I’m writing this post from my new computer, finally an upgrade from my venerable old Duron 700.
The specs on the new one are:
Athlon64 X2 4600+ AM2 2.4Ghz 512Kb cache
Asus M2N4-SLi AM2
2x 1Gb DDR2-800
2x Western Digital Caviar 250Gb SATA II 7,200RPM 16Mb cache
Gigabyte 7600GT PCIE Graphics card 256Mb DDR3
and I’m running Ubuntu 64-bit. It’s a nice change to have a machine that behaves in a responsive fashion.
A note to hopefully help anyone out there: I spent some time, with little success, looking for hardware compatibility reports for this motherboard on the internet. I’d heard issues with similar models and Linux. In particular, the M2N32 which has an nForce 5 chipset is supposed to be quite problematic. I’ve heard that Asus doesn’t care all that much about Linux users. The M2N4-SLI however uses nForce 4. So let me put this in a single sentence for anyone searching: The M2N4-SLI works great in Linux, I’ve had no problems whatsover. Sound, network, SATAII, USB, all that stuff was autodetected just fine. The only thing that doesn’t work like it should is hibernate, and I suspect that’s due to the closed-source nVidia graphics drivers. I’m not too concerned, I didn’t plan on using it anyway.
The other good thing is that it’s almost totally silent. Any noise from it is drowned out by the other, old machine that runs beside it, and that’s a fairly quiet one too.
The only issue I’ve had with the setup is that the graphics card won’t drive my 17″ CRT at anything under 85Hz, which it can handle, but makes it go a bit blurry. No matter what I told xorg.conf or XrandR, it wouldn’t change. So I’m using that as an excuse to buy a 19″ LCD, which I’ll have on Monday.
Thanks for theses great informations.
I’m actually studying to build a new computer arround the M2N4 and an AMD Dual Core + Dapper Drake.
Could you confirm me which Ubuntu version you installed ?
Thanks a lot
Laurent, sure. I’m running Ubuntu 6.06 (Dapper) 64-bit. All the hardware support has been working fine (except an actual hardware-based issue with the video card, but I’m hopefully getting a replacement in a few days). Everything except the video card works with open source drivers, too, although I believe nVidia supplies binary drivers for the nForce 4 chipset too.
thanks a lot for these informations. It isn’t easy to find compatibility information about Linux and ubuntu with so specific uptodate hardware.
So I will try this MB !
Hey… maybe you can help me… I am building an extremely similar machine but am running into a problem and I am having a really difficult time isolating it.
Athlon X2 4600+ AM2
2 * 1g DDR2-800
BFG NVIDIA 7800GT
2 * Western Digital 350gb SATA II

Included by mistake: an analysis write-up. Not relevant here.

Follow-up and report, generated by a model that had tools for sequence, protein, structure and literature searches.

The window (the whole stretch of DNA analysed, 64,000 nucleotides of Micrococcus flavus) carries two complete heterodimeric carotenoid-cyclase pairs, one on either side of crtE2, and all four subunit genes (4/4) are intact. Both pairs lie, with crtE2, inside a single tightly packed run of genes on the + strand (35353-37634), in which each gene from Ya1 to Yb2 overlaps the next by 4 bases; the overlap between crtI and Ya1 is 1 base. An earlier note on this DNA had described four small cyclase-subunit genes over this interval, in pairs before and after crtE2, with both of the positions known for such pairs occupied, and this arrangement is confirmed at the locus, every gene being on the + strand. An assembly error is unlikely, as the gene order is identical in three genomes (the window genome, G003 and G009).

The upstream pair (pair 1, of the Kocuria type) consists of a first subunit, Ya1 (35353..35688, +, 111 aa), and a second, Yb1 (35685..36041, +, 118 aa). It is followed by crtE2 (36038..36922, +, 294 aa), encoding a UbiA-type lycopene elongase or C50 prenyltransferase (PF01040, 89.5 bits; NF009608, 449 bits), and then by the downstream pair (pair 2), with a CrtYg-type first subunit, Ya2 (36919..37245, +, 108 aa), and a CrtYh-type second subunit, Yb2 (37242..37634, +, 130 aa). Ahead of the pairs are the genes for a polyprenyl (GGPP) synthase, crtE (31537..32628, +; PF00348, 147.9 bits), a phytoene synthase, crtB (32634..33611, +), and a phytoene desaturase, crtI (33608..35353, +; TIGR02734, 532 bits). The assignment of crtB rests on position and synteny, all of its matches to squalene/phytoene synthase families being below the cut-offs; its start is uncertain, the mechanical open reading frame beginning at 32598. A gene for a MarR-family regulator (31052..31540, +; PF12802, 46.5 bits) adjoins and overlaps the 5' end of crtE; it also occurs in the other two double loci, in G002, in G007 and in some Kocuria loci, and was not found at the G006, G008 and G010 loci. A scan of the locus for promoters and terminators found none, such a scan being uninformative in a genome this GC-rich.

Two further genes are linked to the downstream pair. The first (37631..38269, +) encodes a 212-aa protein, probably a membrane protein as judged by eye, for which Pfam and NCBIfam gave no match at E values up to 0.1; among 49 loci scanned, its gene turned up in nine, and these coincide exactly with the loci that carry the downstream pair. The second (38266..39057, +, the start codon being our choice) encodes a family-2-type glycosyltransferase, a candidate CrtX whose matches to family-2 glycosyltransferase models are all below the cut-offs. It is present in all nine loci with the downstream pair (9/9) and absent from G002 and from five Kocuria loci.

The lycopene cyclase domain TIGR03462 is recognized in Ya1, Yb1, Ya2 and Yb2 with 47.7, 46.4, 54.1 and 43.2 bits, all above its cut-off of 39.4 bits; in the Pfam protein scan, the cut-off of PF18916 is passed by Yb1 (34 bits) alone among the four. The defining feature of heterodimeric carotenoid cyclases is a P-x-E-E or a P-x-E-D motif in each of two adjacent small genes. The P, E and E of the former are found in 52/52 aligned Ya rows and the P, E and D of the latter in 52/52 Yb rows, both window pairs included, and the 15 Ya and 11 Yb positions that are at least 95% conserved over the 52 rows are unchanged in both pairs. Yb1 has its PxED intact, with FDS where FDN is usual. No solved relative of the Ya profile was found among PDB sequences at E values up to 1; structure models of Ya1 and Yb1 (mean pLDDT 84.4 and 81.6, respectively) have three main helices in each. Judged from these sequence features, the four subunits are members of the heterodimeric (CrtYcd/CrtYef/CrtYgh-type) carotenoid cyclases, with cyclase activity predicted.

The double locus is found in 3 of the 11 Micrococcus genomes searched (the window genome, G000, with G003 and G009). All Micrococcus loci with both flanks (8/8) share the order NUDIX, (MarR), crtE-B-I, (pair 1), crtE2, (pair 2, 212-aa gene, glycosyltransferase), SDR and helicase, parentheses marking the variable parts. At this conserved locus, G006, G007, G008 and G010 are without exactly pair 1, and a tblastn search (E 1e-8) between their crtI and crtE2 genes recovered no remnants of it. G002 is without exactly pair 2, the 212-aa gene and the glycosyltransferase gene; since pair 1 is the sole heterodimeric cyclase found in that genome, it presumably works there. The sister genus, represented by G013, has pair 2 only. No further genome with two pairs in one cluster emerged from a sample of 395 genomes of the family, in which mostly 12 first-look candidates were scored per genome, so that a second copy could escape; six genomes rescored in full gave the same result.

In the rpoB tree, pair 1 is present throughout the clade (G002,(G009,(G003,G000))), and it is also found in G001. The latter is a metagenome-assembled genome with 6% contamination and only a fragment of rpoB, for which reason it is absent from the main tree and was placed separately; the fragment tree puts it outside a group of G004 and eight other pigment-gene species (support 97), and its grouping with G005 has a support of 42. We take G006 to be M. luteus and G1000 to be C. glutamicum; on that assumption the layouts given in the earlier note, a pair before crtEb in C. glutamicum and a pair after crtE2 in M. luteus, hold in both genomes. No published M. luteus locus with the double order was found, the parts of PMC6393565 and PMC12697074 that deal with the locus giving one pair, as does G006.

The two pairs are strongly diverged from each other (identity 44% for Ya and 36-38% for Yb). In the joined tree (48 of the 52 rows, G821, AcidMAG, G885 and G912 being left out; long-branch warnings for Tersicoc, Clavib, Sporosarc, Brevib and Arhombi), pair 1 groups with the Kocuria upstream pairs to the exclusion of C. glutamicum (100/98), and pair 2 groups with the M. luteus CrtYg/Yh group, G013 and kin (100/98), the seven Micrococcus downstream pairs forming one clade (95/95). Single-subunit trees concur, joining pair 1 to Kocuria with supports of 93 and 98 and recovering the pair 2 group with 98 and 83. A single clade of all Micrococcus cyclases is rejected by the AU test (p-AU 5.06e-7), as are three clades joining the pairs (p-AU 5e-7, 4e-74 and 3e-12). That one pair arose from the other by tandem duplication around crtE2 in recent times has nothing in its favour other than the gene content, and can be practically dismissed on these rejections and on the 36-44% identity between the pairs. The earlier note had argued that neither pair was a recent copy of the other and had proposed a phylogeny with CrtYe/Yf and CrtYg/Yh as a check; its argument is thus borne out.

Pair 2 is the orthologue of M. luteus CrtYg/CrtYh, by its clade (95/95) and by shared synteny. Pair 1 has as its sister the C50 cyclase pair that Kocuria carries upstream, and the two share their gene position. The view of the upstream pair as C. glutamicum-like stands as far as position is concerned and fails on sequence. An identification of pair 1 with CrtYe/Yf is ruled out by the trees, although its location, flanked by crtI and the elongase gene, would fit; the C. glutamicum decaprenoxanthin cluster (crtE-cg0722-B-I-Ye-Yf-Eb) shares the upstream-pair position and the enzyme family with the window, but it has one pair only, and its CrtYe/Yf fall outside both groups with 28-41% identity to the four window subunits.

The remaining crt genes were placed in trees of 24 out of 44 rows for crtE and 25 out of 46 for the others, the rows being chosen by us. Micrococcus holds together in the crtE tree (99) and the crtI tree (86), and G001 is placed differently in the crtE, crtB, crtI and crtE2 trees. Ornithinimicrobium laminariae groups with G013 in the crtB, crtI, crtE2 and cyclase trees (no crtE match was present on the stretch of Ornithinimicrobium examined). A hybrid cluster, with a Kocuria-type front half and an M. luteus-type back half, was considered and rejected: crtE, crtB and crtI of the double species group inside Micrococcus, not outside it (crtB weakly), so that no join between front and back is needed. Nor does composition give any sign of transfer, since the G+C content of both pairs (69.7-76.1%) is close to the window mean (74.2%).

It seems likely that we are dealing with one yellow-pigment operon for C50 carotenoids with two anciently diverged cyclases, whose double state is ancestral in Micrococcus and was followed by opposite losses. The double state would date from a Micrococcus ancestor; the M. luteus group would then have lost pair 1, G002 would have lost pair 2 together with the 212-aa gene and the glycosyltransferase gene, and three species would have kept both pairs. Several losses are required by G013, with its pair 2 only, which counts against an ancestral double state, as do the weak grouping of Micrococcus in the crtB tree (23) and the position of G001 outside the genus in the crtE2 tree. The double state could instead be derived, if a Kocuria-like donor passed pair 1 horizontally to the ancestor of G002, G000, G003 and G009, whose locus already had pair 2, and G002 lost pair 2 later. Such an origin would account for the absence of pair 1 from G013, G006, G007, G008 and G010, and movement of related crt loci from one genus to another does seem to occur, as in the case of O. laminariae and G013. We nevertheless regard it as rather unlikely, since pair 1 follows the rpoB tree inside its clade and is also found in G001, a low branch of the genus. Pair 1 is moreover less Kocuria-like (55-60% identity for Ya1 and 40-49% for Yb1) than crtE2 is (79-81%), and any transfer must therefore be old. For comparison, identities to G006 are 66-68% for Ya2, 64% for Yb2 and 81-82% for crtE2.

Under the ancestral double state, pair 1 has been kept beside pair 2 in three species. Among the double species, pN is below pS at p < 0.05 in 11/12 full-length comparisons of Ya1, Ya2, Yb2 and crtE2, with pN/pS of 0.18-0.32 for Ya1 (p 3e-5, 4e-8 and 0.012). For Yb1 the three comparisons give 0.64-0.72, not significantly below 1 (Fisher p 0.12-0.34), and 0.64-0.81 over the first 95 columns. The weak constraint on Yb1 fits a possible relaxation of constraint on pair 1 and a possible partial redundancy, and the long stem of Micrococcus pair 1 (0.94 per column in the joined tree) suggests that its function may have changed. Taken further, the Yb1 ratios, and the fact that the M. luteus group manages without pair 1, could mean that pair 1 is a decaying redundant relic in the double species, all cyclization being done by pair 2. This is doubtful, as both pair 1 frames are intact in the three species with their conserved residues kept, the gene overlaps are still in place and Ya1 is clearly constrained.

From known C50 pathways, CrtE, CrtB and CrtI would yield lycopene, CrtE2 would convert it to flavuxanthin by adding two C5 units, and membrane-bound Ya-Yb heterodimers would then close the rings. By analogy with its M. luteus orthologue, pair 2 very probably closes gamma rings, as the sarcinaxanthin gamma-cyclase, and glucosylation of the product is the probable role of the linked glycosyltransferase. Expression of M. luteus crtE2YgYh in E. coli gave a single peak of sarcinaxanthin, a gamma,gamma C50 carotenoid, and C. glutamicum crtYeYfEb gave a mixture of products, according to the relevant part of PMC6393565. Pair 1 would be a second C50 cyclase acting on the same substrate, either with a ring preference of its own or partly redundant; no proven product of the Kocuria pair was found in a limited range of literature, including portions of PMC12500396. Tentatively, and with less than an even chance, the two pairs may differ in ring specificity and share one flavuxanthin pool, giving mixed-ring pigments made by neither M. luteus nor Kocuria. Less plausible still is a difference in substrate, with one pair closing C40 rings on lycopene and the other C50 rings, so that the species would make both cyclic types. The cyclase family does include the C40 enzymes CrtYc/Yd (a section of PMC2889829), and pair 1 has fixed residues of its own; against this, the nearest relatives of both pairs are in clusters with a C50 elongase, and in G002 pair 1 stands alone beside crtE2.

During idle the CPU is at around 60 degrees C and hard locks up when trying to install any OS (no KB, mouse, animation, CD movement, HD movement, nothing) usually the first moment there is a CPU intensive task. I’ve tried everything I can think of… replaced the MB, reseated the heatsink/CPU, new CPU cooler, isolating every device I can think of in the BIOS, and a new powersupply (520W). Suffice it to say I’m fairly sure it is the CPU itself which is currently on its way to California to get tested by AMD.
AMD said like 95% of the CPUs they get test positive so that makes me worry that they are going to send me an email and tell me that I’m a moron. If that happens, all I could guess would be another bad motherboard (seems unlikely), bad memory (seems unlikely because the MB detects it and does the full memory test without error), or something that came to me recently which is the BIOS revision.
I can’t check at the moment to the current BIOS revision because my processer is in a UPS package in the middle of colorado by now probably but it is either 0201 or 0301. The 0301 series, AMD says, is the first ones they decided to support X2 with.
My (long winded) question to you is, did you have to flash your BIOS or update it in any way for your 4600 AM2 to work?
It really sounds like a heatsink problem, or a faulty processor that is generating too much heat. For comparison, when idle (like right now) the heatsink temp is about 35C, with a room temp of about 15C. On a hot day, it’ll idle a little higher, but never reaches 40C. When I’m doing something CPU intensive, it’ll get up to about 42C and the fan kicks in, and then it’ll sit around the 45C mark. I don’t think I’ve ever seen it higher than about 47C, and that was when I was encoding two videos at once. The fan speeds up to compensate for the temperature change anyway, so it makes sense that it’ll sit around a certain point. Note that these temperature readings are provided by a sensor in the heatsink, so probably add about 5 degrees to get the real CPU temperature.
I haven’t had to flash the BIOS at all. I don’t know what BIOS revision I’m running though, but I expect if you bought it within the past month, it’ll be similar to what you have.
Hey, I really appreciate it, thanks
A little WARNING though :
I have almost the same build and the 2.6.15 kernel (which is what Ubuntu 6.06 uses) works fine. (as does 2.6.16).
But after I updated to a 2.6.17 (or 2.6.18) kernel, it refused to boot. After a lot of debugging (including bisecting the kernel) I found out (two days ago), that I need to provide the kernel-parameter “enable_8254_timer” (without the quotes) in order to make it boot.
Running with it since then and everything’s fine again 🙂
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Hi, I built a new computer with a very similar configuration (same board, processor, and BFG 7600GT card). Instead, I am running Slackware. I am wondering if you got the gigabit Ethernet to work? If so, was a custom kernel needed? Do you know what module I need to add to support the on-board gigabit?
A reply email would be greatly appreciated.
Thanks in advance.
The ethernet just worked, I didn’t have to do anything. I haven’t tested it at gigabit, my LAN is just 100Mbit. I think the module that it uses is ‘forcedeth’.